Spring 1998 Course information page
Have a great summer!
The Spring 1998 session of 15-299 is complete. The course materials
will be kept on this Web site until next year. Here are pointers
to resources that were used throughout the semester:
- Course Number: 15-299
- Credit: 12 units
- Lectures: Tues/Thurs 10:30-11:50, 2210 Doherty Hall
- Instructor: Bruce Maggs
- Office hours: Thurs. 2-3pm, 4123 Wean Hall (x8-7654)
- Email him at bmm+@cs
- Teaching assistants:
- Rob Miller
- Recitation section `A', 10:30-11:30 Mon. in 203 Student Center
- Office hours: Sun. 3-4pm, 5103 Wean Hall (x8-7571)
- Email him at rcm@cs
- Adam Kalai
- Recitation section `B', 11:30-12:20 Mon. in 203 Student Center
- Office hours: Mon. 3-4pm, 7113 Wean Hall (x8-7123)
- Email him at akalai@cs
- Hal Burch
- Recitation section `C', 12:30-1:20 Mon. in 203 Student Center
- Recitation section `D', 1:30-2:20 Mon. in 203 Student Center
- Office hours: Fri. 3-4pm, 7110 Wean Hall (x8-7670)
- Email him at hburch@cs
- Doug Beeferman
- Office hours: Thurs. 1-2pm, 5101 Wean Hall (x8-8139)
- Email him at dougb@cs
- Course secretary: Dorothy Zaborowski
- Office: 4116 Wean Hall (x8-3779)
- Email her at daz+@cs
- Bruce Maggs is
an Associate Professor in the Computer Science Department. His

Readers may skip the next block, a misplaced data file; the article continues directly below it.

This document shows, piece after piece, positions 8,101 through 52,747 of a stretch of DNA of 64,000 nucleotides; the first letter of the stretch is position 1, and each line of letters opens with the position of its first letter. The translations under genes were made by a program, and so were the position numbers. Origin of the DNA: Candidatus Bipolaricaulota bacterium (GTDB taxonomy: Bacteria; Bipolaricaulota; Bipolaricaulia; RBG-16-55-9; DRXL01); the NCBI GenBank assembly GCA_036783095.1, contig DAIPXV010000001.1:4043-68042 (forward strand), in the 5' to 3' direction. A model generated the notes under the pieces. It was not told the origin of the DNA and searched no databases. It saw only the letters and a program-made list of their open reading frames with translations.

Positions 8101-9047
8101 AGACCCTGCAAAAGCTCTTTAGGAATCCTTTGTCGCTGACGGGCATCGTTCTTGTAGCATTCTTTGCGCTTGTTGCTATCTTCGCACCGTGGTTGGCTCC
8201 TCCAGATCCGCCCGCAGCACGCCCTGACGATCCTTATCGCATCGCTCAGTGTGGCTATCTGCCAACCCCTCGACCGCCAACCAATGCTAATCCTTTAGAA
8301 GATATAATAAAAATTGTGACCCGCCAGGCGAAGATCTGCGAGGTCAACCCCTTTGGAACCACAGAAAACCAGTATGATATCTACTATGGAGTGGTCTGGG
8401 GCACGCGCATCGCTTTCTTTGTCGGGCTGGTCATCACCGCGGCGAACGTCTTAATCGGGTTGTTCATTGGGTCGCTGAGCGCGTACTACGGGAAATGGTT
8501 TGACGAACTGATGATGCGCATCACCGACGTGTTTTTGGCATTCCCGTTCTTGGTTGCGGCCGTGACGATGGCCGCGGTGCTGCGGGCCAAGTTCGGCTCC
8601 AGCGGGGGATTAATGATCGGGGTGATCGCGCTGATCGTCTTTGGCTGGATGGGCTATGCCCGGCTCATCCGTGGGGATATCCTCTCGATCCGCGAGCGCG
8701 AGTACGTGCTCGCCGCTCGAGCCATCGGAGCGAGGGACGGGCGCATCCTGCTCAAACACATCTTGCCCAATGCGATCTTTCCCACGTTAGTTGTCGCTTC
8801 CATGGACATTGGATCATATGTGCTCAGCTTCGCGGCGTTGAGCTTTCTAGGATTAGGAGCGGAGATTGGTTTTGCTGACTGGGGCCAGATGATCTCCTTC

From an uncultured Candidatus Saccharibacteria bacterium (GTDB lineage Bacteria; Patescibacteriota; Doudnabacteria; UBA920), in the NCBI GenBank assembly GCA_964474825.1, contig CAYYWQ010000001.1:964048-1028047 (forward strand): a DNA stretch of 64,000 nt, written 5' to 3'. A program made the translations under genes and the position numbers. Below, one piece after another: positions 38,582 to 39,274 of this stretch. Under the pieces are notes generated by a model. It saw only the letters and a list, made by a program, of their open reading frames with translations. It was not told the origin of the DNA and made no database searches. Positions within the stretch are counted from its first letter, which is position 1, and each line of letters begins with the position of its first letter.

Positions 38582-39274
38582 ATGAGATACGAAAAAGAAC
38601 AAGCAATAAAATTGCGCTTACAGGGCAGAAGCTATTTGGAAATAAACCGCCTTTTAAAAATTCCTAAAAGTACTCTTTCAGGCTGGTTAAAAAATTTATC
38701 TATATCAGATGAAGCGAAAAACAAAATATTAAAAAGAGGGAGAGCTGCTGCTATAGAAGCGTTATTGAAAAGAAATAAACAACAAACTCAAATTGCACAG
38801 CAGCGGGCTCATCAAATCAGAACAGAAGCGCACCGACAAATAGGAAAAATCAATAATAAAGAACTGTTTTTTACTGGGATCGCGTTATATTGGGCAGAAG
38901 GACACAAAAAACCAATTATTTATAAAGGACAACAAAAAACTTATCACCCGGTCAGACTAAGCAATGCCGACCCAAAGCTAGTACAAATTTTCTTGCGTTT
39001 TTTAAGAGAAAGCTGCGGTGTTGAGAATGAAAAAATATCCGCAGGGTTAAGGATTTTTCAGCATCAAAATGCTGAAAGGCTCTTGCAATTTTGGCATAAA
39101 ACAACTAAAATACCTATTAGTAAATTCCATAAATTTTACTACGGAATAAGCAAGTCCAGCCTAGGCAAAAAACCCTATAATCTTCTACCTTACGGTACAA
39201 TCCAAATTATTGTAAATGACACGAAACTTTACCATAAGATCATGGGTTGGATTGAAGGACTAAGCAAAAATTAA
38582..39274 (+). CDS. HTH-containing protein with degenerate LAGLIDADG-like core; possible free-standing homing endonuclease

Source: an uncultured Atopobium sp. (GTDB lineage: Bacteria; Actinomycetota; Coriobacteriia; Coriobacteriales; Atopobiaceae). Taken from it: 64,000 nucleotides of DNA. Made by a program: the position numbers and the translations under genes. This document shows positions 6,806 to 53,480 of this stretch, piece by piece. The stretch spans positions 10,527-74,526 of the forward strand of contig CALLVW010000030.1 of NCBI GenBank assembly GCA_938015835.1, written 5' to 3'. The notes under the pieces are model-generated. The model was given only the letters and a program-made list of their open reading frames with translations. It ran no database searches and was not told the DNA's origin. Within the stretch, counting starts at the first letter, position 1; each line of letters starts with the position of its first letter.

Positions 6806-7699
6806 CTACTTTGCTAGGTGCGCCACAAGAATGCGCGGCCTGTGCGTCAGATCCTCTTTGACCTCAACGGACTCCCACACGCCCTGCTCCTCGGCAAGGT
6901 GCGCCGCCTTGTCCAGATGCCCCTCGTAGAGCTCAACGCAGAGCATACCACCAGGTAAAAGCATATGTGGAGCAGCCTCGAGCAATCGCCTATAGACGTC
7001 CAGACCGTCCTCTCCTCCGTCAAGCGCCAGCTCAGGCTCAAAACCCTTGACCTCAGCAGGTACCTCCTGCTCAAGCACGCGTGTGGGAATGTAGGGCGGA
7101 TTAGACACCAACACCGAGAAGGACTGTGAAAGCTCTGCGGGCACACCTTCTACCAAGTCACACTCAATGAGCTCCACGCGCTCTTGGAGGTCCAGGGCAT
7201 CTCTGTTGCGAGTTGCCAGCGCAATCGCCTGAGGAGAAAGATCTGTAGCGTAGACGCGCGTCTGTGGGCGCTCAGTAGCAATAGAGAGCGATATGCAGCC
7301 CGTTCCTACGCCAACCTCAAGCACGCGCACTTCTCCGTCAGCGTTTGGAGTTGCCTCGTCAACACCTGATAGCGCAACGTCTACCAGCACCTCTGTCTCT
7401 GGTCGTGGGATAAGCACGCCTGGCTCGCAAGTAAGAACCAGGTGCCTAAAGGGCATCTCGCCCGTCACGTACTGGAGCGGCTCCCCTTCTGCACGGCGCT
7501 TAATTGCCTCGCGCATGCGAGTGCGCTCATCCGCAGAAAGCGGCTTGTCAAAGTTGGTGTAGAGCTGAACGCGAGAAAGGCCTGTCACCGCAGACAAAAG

research interests include parallel architectures and algorithms.
- Rob Miller is
a third-year graduate student in the Computer Science Department. His
research interests are in programming languages and user interfaces.
- Adam Kalai is
a second-year graduate student in the Computer Science Department.
His research interests include computer graphics, virtual
reality, and theoretical computer science.
- Hal Burch is
a first-year graduate student in the Computer Science Department.
His research interests include algorithms and scientific computing.
- Doug Beeferman is
a third-year graduate student in the Computer Science Department.
His research interests include natural language modeling and
- Counting: Learn how to count without counting.
- Induction: Recognize it in all its guises.
- Exemplification: Find a sense in which you can try out a problem
or solution on small examples.
- Abstraction: Abstract away the inessential features of a problem.
- Modularity: Decompose a complex problem into simpler subproblems.
- Representation: Understand the relationships between different
possible representations of the same information or idea.
- Refinement: The best solutions come from a process of repeatedly
refining and inventing alternative solutions.
- Toolbox: Build up your vocabulary of abstract structures.
- Optimization: Understand which improvements are worth it.
- Probabilistic methods: Flipping a coin can be surprisingly helpful!
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